Social comparisons influence effect of income on happiness in states with higher inequality – ScienceDaily

In a state with greater income inequality, the happiest place to occupy is not at the top of the income distribution, as one might think, but somewhere in the middle that offers clear views. on people like us, a new study suggests.

According to sociologist Tim Liao of the University of Illinois at Urbana-Champaign, it is the ability to compare oneself to people from similar backgrounds, both people who earn more and others who earn less, that determines how our income affects our happiness – not the absolute. amount we earn.

“Contrary to popular belief, more income doesn’t necessarily make people happier. The actual amount a person earns doesn’t matter much in terms of happiness,” Liao said. “People who can make both upward and downward comparisons – especially with other people of the same sex and ethno-racial group – are best placed when it comes to their subjective well-being. . “

In the study, published in the journal member, Liao found that in states with relatively equal incomes, people’s happiness was less affected by their incomes because their economic positions were less clearly defined, making social comparisons less meaningful.

Although there has been significant research on happiness and income inequality, much of this work has been based on income inequality at the aggregate level and aggregate measures of happiness that did not capture the relationship. at the individual level, he said.

Recent research suggests that social comparison theory, the premise that people’s self-ratings are based on their comparisons with other people they perceive to be better or worse off, could play a key role.

Liao wanted to explore whether the placement of people in the income distribution mattered – that is, whether those who could make these upward and downward social comparisons were happier than the outliers who were much richer or poorer than their peers.

Since individuals select the people they use as benchmarks for social comparisons, Liao also wanted to research which demographic – gender, ethnicity / race, or both – was most relevant.

Since no single survey was available that provided data on happiness as well as income and demographics, Liao linked data from two national surveys, both conducted in 2013, which involved many of the same respondents. . Liao’s sample consisted of over 1,900 people.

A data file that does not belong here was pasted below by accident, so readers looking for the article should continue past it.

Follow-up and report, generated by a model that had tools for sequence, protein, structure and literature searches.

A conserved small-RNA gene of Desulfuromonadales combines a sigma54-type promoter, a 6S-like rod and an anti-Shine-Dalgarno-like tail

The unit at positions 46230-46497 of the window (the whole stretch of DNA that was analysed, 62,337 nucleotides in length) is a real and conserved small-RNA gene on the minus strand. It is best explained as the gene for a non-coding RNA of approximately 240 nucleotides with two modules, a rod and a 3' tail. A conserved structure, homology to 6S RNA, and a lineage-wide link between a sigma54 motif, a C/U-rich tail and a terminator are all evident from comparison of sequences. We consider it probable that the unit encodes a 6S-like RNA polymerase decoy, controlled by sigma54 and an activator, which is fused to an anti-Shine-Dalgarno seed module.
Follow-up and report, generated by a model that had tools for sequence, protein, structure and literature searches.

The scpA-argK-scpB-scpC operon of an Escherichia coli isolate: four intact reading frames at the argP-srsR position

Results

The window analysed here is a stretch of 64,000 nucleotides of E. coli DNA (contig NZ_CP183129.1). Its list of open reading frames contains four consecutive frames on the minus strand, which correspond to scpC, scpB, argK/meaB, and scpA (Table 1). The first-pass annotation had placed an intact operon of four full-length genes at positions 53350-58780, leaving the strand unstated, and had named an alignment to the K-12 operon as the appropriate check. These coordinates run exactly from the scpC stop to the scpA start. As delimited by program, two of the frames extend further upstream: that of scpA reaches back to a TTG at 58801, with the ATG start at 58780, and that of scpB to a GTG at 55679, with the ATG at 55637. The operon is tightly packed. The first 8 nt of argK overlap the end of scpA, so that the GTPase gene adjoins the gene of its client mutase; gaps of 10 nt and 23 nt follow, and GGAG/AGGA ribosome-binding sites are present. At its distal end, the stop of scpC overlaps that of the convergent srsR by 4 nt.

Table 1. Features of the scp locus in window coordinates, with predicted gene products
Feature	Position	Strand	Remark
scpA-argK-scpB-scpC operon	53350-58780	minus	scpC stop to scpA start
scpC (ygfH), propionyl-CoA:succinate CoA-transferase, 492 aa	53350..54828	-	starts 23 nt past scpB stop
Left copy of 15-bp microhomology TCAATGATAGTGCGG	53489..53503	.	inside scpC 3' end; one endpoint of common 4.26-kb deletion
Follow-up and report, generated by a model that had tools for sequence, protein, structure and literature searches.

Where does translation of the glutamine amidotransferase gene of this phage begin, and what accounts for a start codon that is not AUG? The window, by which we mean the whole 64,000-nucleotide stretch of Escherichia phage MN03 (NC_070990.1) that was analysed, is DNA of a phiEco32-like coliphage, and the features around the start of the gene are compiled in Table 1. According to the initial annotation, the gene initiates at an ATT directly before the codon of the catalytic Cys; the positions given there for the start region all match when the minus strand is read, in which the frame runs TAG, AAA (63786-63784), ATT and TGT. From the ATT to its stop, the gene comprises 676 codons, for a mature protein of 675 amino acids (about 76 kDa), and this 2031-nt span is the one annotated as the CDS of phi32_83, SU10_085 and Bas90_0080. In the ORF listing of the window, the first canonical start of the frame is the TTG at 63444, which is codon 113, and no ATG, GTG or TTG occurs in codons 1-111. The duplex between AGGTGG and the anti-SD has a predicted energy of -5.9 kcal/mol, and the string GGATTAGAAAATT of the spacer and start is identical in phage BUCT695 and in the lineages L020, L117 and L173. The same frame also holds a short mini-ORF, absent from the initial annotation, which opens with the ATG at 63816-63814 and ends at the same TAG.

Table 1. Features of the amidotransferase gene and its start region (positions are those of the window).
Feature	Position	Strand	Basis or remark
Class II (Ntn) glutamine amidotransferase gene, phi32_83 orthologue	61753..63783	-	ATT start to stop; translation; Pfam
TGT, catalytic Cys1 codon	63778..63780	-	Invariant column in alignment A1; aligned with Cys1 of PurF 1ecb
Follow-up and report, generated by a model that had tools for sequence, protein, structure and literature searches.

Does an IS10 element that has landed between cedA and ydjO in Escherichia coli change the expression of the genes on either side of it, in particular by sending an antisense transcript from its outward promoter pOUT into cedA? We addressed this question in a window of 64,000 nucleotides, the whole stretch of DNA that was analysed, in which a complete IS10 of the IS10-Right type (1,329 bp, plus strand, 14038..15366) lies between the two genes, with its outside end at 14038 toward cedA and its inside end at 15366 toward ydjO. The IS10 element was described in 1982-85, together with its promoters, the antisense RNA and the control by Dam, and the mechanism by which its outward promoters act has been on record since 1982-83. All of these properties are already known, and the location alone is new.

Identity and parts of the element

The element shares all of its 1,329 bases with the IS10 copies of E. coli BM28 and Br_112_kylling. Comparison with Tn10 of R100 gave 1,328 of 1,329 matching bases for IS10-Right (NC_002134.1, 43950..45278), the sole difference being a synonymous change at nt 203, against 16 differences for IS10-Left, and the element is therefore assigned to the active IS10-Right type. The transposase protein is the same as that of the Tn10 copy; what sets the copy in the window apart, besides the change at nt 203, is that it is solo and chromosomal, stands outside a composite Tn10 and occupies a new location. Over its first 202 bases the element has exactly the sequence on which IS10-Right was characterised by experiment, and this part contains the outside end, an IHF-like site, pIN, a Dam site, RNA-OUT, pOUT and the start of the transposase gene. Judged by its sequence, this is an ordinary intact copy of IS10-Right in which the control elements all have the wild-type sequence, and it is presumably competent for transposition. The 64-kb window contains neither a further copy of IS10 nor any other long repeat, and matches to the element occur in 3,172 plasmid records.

The 2013 US Time Use Survey was the most recent survey with questions on well-being and provided Liao with a measure of everyone’s happiness. For this study, participants kept a time diary for a single day, rating on a seven-point scale how happy they felt while performing three randomly selected routine activities. The scores were added together to obtain a composite score representing each person’s level of happiness.

“Assessing a person’s happiness in the course of their daily activities – a concept social scientists call ‘experienced happiness’ – may more accurately reflect their overall satisfaction with life than their response to questions. survey that ask him to rate his satisfaction. General subjective terms, “Liao said.

Using participants’ annual income and demographics from the Current Population Survey, Liao modeled income inequality at the state and individual level.

He developed an individual-level measure by comparing the annual incomes of individuals with those of peers belonging to the same-sex, ethno-racial and gender / ethno-racial groups in their state.

Liao found that gender / ethno-racial group was most important for social comparisons because individuals’ inequality scores were more similar in this table than when grouped either by gender or ethnicity / race only.

Examining the links between individuals’ inequality scores and happiness within each group, Liao found that individuals with higher inequality scores than their peers also had lower happiness scores.

That is, people whose incomes were significantly higher or lower than their peers – meaning they could only make social comparisons up or down rather than back and forth – were overall less happy.

Similarly, Liao found that as income inequality within a state increased, the negative association between one-way social comparisons and happiness also increased.

Liao said the findings confirm the importance of social comparison theory in research on happiness and income inequality.

And the same analytical method could be applicable in investigations of other social concerns at the individual level, he said, such as the links between inequality and adverse effects on mental and physical health.

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